Ending one year and beginning the next always stirs me to reflection. Tonight I’d like to share a moment of insight. This knowledge will not come as a surprise to any practitioner of mindfulness, meditation, or eastern philosophy, but to me it was profound: Releasing one’s grip on life (be it an attachment to a person, place, thing, or activity) can only happen when we realize we are holding on. And it is only when we are holding on that we have an opportunity to feel the joy of letting go. Thus, letting go and holding on are two opposing constants in life.
The image that comes to my mind is that of a leaf being pulled gently along the surface by the currents of a flowing stream. In that state of release, the leaf is simply floating along, experiencing whatever the stream has to offer. At some point, however, an obstacle appears in the stream — a rock, a log, or a pile of leaves — and the leaf gets stuck until different currents stir it loose and it once again floats freely.
So it is with me. 2015 was a year of transition, personally and professionally. At times I surrendered to it with grace, allowing myself to experience the full spectrum of emotions, thoughts, and events that my life’s “currents” had to offer. Other times, the pull of the current felt too rapid and the waters too choppy for me to handle. During those times, I clung fiercely to former attachments. After a while, I was ready to release my grip and again go with the flow, until another obstacle presented itself and I held on tightly for fear of the unknown. Every time I found myself holding on, I felt frustrated and stuck. I became angry and impatient with myself, wondering why I keep holding on when I know that letting go brings a more lasting peace.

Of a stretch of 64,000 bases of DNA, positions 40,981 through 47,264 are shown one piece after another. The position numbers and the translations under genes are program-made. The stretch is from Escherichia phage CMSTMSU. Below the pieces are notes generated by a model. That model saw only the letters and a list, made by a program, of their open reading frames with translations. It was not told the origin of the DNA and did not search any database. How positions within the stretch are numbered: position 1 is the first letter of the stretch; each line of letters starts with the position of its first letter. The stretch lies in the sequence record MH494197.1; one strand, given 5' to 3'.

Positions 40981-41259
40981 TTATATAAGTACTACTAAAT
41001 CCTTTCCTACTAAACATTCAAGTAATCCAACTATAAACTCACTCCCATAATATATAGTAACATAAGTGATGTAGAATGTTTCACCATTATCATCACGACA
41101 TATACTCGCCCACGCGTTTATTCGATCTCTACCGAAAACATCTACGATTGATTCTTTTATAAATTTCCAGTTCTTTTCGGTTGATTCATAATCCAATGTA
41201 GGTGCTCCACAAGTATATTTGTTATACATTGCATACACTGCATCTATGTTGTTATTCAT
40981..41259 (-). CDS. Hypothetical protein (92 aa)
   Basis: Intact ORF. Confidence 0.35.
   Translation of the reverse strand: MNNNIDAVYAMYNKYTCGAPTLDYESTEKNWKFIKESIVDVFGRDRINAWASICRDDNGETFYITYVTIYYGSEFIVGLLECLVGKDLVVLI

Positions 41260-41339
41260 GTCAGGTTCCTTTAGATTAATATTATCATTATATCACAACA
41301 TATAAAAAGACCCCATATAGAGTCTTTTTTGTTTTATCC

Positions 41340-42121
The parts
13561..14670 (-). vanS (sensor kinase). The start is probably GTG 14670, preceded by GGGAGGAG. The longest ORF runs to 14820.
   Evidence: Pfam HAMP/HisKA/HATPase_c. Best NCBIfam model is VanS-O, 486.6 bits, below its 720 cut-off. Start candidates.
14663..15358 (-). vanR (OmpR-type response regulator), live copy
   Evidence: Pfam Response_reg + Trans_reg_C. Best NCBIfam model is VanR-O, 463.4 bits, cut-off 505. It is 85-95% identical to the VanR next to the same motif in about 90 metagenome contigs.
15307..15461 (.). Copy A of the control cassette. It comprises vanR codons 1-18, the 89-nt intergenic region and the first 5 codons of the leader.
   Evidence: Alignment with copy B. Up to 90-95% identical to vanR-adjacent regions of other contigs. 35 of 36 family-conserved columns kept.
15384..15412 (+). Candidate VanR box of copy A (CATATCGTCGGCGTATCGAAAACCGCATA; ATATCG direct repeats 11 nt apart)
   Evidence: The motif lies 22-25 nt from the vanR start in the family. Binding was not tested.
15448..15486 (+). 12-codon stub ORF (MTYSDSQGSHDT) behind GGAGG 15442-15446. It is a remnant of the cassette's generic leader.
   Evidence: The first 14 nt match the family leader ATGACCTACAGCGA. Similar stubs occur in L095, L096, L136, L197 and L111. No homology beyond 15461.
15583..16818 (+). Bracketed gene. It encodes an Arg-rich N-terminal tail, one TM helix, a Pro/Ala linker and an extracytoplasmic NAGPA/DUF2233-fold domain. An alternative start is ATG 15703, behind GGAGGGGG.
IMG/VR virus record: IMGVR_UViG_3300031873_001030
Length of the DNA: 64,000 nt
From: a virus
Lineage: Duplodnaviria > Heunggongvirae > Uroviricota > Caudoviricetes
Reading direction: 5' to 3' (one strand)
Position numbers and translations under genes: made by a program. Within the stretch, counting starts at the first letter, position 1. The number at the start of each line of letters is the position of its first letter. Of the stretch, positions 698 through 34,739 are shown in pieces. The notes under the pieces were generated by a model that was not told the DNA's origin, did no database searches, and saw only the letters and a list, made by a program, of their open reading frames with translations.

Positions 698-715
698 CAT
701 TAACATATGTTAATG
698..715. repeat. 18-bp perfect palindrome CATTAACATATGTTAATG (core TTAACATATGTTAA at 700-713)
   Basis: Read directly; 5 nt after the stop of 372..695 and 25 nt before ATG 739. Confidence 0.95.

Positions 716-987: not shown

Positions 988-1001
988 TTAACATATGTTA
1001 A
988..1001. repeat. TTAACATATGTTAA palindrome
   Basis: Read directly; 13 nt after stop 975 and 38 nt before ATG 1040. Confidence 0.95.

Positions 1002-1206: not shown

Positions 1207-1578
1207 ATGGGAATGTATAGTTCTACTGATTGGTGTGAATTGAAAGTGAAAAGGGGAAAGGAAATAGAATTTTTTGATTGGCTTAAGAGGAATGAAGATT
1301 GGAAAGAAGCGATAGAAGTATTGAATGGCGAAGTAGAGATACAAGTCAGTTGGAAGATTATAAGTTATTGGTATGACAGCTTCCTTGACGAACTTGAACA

But tonight, as I consider what I’d like to do differently in 2016, my goal is to cultivate self-compassion. Letting go is only possible when we’re holding on. Thus, they are both blessings. Holding on is not something to be ashamed of or frustrated with myself for. It is simply the precursor to release. Both opposing actions are necessary and ever-present in life. I cannot experience letting go without having experienced the previous state of holding on. This kind of push and pull, ebb and flow, or “two steps forward, one step back” is a part of life.
So it is with our recovery from disordered eating. The diet industry wants to sell us on the idea of “letting go of those unwanted pounds”. And when we don’t, can’t, or won’t, we’re chided for “holding on to unhealthy habits”. Well, what about letting go of self-loathing and the berating we do when we struggle? What about letting go of fabricated notions of what a “healthy” body looks like? What about releasing our attachment to the false notion that thin and fit equals happy and successful?
May 2016 be the year in which we love ourselves enough to let go and are gentle with ourselves when we’re holding on.
Peace, joy, and health,